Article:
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So I've tried one method that locks each node as it looks at it, but this requires ALOT of locking and unlocking... which of course requires quite a bit of overhead. I was wondering if anyone knew of a more efficient algorithm. Here is my first attempt:

typedef struct _treenode{
   struct _treenode *leftNode;
   struct _treenode *rightNode;
   int32_t data;
   pthread_mutex_t mutex;
}TreeNode;

pthread_mutex_t _initMutex = PTHREAD_MUTEX_INITIALIZER;

int32_t insertNode(TreeNode **_trunk, int32_t data){
   TreeNode **current;
   pthread_mutex_t *parentMutex = NULL, *currentMutex = &_initMutex;

   if(_trunk != NULL){
      current = _trunk;
      while(*current != NULL){
         pthread_mutex_lock(&(*current)->mutex);
         currentMutex = &(*current)->mutex;
         if((*current)->data < data){
            if(parentMutex != NULL)
               pthread_mutex_unlock(parentMutex);
            pthreadMutex = currentMutex;
            current = &(*current)->rightNode;
         }else if((*current)->data > data){
            if(parentMutex != NULL)
               pthread_mutex_unlock(parentMutex);
            parentMutex = currentMutex;
            current = &(*current)->leftNode;
         }else{
            pthread_mutex_unlock(currentMutex);
            if(parentMutex != NULL)
               pthread_mutex_unlock(parentMutex);
            return 0;
         }
      }
      *current = malloc(sizeof(TreeNode));
      pthread_mutex_init(&(*current)->mutex, NULL);
      pthread_mutex_lock(&(*current)->mutex);
      (*current)->leftNode = NULL;
      (*current)->rightNode = NULL;
      (*current)->data = data;
      pthread_mutex_unlock(&(*current)->mutex);
      pthread_mutex_unlock(currentMutex);
   }else{
      return 1;
   }
   return 0;
}

int main(){
   int i;
   TreeNode *trunk = NULL;
   for(i=0; i<1000000; i++){
      insertNode(&trunk, rand() % 50000);
   }
}

Thanks in advance!

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maybe having a rwlock for the tree itself, not the nodes. so if you just need to read, you can have multiple threads doing so "at the same time". –  hexa Jun 28 '11 at 12:49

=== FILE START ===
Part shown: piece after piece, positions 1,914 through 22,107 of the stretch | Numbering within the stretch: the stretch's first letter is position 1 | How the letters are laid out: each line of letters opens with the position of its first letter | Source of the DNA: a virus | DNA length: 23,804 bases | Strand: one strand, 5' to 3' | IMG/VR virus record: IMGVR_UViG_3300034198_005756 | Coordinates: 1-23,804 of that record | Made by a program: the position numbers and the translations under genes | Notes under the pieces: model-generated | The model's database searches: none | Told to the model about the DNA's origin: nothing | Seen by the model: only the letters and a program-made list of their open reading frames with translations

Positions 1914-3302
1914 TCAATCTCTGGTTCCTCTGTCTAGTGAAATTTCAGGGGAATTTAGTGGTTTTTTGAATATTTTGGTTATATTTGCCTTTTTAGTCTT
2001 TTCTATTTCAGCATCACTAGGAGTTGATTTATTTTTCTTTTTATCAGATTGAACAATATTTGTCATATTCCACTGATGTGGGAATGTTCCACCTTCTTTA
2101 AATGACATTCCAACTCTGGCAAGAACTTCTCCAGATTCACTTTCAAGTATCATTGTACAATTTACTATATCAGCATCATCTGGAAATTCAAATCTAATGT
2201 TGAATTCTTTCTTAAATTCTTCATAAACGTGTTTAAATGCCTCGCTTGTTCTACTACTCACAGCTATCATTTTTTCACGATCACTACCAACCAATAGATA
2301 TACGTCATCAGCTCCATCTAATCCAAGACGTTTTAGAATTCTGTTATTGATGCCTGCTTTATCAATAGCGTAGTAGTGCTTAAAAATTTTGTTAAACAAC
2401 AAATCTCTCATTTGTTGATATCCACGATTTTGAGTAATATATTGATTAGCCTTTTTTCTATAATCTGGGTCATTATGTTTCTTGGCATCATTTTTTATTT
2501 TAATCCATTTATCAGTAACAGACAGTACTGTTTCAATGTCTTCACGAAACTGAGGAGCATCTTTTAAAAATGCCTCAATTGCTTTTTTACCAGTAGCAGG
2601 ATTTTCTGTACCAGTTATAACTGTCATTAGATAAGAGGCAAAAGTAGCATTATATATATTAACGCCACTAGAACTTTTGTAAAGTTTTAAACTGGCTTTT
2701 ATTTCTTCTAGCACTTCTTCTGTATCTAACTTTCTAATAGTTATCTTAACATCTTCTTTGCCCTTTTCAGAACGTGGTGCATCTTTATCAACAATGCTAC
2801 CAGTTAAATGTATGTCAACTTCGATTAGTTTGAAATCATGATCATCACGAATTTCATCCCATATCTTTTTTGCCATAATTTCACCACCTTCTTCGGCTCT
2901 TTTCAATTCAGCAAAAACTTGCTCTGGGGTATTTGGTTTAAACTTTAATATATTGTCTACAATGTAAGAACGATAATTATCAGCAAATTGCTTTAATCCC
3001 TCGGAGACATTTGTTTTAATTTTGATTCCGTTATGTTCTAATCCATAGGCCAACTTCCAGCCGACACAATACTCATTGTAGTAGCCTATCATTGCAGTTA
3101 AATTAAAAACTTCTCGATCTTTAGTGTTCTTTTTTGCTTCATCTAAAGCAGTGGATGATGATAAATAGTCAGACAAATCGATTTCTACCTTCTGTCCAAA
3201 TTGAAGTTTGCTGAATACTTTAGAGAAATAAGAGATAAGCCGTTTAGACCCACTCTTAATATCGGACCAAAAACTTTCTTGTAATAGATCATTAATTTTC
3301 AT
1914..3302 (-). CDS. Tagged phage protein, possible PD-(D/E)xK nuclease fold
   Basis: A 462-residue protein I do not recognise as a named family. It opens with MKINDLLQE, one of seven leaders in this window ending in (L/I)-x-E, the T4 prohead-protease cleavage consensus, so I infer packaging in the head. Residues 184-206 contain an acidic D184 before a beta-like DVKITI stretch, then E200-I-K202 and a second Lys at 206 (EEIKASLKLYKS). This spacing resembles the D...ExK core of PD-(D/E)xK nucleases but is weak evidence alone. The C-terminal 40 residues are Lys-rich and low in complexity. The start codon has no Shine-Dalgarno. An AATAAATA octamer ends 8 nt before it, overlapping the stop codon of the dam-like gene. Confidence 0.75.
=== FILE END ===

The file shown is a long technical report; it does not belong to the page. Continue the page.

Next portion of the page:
@hexa - Yea I've tried this, and it does seem like a strong option. –  Andrew Jun 28 '11 at 12:52

4 Answers 4

You don't need to lock every node you visit. You can do something like this. Lock a node when you're about to do an insertion. Do your insertion and unlock. If another thread happens to need to insert at the same point it and the node is locked it should wait before traversing down any further. Once the node is unlocked it can then continue traversing the updated part of the tree.

share|improve this answer
    
Would I not need to lock while looking at a node? What if a thread is inserting while another looks? Would this not cause issues? –  Andrew Jun 28 '11 at 12:53
    
It's okay to look as long as you don't go deeper than where another thread is inserting. This works out because insertions always happen at the leaves. –  Mike Kwan Jun 28 '11 at 12:55

Another straightforward way is to have 1 lock for the complete tree.

You have a more serialized access to the tree, but you only have one mutex and you lock only once. If the serialization is an issue, you use a read/write lock. so at least reading can be done in parallel.

share|improve this answer

Use a read-write lock. Locking on individual nodes will become exceptionally difficult if you later decide to switch your tree implementation. Here's a little demo code using pthreads:

typedef struct {
    pthread_rwlock_t rwlock;
    TreeNode *root_node;
} Tree;

void Tree_init(Tree *tree) {
    pthread_rwlock_init(&tree->rwlock, NULL);
    tree->root_node = NULL;
}

int32_t Tree_insert(Tree *tree, int32_t data) {
    pthread_rwlock_wrlock(&tree->rwlock);
    int32_t ret = _insertNode(&tree->root_node, data);
    pthread_rwlock_unlock(&tree->rwlock);
    return ret;
}

int32_t Tree_locate(Tree *tree) {
    pthread_rwlock_rdlock(&tree->rwlock);
    int32_t ret = _locateNode(&tree->root_node);
    pthread_rwlock_unlock(&tree->rwlock);
    return ret;
}

void Tree_destroy(Tree *tree) {
    pthread_rwlock_destroy(&tree->rwlock);
    // yada yada
}
share|improve this answer
    
When does it unlock? –  Andrew Jun 28 '11 at 13:07
    
@Andrew: Apologies, I'm so used to doing this with Python contexts that cleaning up doesn't even come to mind anymore. –  Matt Joiner Jun 28 '11 at 13:28

Lock the whole tree. There's no other way that will not get you into trouble sooner or later. Of course, if there's a lot of concurrent reads and writes, you will get a lot of blocking and slow everything down horribly.

Java introduced a concurrent skip list in version 1.6. Skip lists work like trees, but are (supposedly) a bit slower. However, they are based on singly linked lists, and therefore can theoretically be modified without locking using compare-and-swap. This makes for superb multi-threaded performance.

I googled "skip list" C++ compare-and-swap and came up with some interesting info but no C++ code. However, Java is open source, so you can get the algorithm if you are desperate enough. The Java class is: java.util.concurrent.ConcurrentSkipListMap.

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